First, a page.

By Rami al-Khattib and Avery Edelman
IDLIB: Uninspected food products are putting residents at risk in opposition-held northern Syria where no authority is designated to monitor the food industry.
The lack of official inspections for food items in Idlib, a province located in northwest Syria, means that factory workers have been left to decide for themselves what standards should exist and whether to abide by them.
Without universal standards, residents cannot be sure that the products they purchase are safe to consume.
Hussam Khalil, who lives in the southern Idlib countryside, told a Syrian Voice reporter that he recently purchased a locally produced processed cheese product which turned out to be rotten.
“The item was well packaged and the expiration date was valid, but [once opened] it was discolored and emitted an odor. It was not suitable for human consumption.”
Khalil brought his problem to a number of authorities in the area, among them the health directorate and local councils.
“I couldn’t find any authority to submit the complaint to,” he said.
Instead, the officials he spoke to claimed that food inspection was outside of their jurisdiction and capabilities.
With no assurance that the issue he faced would be addressed, Khalil decided not to purchase that specific cheese product again.
The potential for similar problems, however, remains.
“There are no authorities inspecting food production”
According to factory owners in Idlib, the food industry in the province is currently reliant on self-inspection in the absence of specialized laboratories, quality control committees and a competent authority in charge of licensing new facilities.
Ali Hababa, owner of a facility that produces dairy products, told the Syrian Voice that “there are no authorities inspecting food production processes and there are no health standards that facility owners must comply with.”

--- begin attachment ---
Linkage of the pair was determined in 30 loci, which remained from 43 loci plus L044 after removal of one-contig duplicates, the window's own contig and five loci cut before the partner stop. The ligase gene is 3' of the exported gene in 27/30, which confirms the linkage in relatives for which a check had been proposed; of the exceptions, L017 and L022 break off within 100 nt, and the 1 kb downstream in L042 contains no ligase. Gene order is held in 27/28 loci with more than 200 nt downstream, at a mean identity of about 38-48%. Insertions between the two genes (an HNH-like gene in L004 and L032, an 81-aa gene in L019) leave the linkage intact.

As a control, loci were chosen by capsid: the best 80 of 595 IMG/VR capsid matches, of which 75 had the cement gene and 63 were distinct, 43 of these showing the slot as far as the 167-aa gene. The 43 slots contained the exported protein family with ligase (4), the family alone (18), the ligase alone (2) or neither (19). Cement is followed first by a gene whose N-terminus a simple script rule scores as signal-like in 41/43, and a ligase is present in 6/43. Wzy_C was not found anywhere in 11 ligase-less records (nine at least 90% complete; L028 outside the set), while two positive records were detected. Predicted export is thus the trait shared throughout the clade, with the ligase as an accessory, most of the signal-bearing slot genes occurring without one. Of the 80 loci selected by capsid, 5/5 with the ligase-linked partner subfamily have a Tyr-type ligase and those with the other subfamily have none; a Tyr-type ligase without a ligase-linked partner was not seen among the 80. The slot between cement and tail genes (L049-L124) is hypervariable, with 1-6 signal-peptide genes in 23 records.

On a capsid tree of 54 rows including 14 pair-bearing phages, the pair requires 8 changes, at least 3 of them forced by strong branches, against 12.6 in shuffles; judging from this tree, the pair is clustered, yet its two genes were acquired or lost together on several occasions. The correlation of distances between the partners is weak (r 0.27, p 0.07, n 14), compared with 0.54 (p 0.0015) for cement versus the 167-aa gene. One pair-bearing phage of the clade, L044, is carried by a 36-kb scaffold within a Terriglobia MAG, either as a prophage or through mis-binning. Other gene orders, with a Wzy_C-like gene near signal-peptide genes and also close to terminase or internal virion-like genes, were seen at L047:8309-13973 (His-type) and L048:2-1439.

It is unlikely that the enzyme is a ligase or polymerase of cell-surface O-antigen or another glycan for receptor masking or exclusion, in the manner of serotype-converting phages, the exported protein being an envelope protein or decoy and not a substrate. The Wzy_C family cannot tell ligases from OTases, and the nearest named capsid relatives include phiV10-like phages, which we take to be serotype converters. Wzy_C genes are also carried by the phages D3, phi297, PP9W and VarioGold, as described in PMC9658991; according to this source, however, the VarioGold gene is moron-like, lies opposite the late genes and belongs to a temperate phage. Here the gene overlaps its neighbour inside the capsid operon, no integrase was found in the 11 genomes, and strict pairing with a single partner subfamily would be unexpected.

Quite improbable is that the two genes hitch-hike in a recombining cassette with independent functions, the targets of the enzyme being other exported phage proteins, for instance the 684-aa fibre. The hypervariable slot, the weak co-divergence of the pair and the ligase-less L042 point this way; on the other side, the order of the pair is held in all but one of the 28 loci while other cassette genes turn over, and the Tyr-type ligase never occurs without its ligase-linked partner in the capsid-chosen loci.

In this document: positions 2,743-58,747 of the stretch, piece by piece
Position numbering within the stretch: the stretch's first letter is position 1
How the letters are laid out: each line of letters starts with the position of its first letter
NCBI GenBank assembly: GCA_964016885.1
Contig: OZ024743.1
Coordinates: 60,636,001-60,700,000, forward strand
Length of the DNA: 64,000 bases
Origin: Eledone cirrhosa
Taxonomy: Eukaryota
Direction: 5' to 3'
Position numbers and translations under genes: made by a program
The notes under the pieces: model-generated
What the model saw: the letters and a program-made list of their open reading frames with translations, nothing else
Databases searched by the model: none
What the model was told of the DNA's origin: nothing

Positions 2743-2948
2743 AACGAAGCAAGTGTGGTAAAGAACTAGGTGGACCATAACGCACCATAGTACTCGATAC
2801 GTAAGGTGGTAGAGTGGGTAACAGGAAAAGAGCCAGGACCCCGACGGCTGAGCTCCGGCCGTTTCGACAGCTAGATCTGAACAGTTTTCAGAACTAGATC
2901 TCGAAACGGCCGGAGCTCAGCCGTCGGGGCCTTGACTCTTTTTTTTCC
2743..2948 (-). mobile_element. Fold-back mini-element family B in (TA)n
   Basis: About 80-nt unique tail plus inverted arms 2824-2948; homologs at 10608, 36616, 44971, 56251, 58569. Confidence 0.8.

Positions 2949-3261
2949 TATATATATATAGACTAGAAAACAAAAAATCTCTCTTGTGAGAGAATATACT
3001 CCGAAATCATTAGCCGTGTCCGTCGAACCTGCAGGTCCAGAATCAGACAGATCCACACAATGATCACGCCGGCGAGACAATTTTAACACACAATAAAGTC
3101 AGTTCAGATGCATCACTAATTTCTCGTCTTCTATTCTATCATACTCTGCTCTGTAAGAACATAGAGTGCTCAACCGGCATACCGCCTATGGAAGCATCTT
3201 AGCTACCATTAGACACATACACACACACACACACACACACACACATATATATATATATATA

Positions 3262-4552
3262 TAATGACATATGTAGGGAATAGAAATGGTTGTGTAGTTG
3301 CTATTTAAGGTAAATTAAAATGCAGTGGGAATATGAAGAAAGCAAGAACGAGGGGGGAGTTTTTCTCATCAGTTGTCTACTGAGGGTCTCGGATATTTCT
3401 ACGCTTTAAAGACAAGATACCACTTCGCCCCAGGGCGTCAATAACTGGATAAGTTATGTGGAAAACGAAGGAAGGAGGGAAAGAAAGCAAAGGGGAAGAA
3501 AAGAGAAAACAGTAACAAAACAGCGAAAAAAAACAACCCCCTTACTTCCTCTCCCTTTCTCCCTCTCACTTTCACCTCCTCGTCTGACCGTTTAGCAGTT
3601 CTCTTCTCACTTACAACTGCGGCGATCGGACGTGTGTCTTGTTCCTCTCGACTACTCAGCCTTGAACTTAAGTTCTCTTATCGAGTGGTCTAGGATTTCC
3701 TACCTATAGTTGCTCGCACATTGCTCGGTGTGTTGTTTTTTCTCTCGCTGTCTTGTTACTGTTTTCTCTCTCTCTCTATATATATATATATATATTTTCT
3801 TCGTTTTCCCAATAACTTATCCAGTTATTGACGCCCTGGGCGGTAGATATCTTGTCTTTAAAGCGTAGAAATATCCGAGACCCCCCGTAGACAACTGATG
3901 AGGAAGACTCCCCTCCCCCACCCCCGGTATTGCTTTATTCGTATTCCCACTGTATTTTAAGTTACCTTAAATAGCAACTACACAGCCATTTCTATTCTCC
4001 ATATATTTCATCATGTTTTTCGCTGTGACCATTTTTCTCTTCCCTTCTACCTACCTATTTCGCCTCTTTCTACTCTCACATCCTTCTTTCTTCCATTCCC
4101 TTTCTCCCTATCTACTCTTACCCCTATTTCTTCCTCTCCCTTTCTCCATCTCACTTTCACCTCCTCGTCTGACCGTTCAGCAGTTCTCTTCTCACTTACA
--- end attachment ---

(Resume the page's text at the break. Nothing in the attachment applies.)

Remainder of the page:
Yaser Arafat, another facility owner, confirmed that “[food] inspection in the liberated areas is the responsibility of the facility’s owner.”
“I started working in 2015 and established [my own] health standards related to production methods, cleanliness and preservative selection,” he said. “But this is not enough. We need an authority to oversee our work.”
He added that there are no official trademarks being used to ensure local items are not altered or mislabeled.
Ismail Adnani, president of Idlib’s chamber of commerce and industry, also admitted that “there is enormous chaos in the food production field” and said that only imported goods are being monitored.
Health directorate inspects drugs, but not food
The medical sector in opposition-controlled Idlib suffered from a similar lack of inspection on drugs that were brought into the area illegally.
That issue was addressed, however, by the establishment of a drug inspection department at the province’s health directorate in April 2016. The department now monitors drug imports, oversees laboratories and inspects pharmacies and warehouses.
The Syrian Voice asked Dr. Ala’a Ahmado, manager of the drug inspection department, why a similar department has not been established for food products.
Ahmado explained that inspection of food products requires food specialists and specialized laboratories that the directorate is currently unable to provide.
Abdul Majid Abdo, a member of the Council of Idlib Governorate’s executive office, added that “food inspections are not part of the Idlib council’s jurisdiction” and that those processes “fall on the shoulders of the interim government.”
Ahmado nonetheless said that the health directorate is “addressing all complaints received, the latest of which related to the distribution of rotten cheese from a relief organization.”
According to Ahmado, the rotten product was analyzed and then destroyed after it was determined that it was not suitable for consumption.
Adnani, of the Idlib Chamber of Commerce, also said that in Idilb city there are some inspections on “a small scale,” which are conducted by the municipal police and the health department in the case of “significant violations.”
In the Idlib countryside, however, Adnani said inspections are “non-existent.”
“Today’s children will pay the price”
Without the proper inspection mechanisms available in Idlib, it is difficult to determine whether the lack of food inspections has already caused harm.
However, Dr. Mohannad Khalil, an internal medicine specialist in Idlib, told the Syrian Voice that recent food poisoning cases he saw could have been transmitted by dairy products, “raising doubts and reflecting the need for oversight on production.”
According to Khalil, a danger is not only posed by factories producing dairy-products, but also any other factories that might be using preservatives of any kind.
“The use of preservatives in ways that do not conform with standards can be carcinogenic, posing a great danger in the longer term,” he said.
“Today’s children will [one day] pay the price for negligence in food inspection,” he warned.
Original Arabic article found here.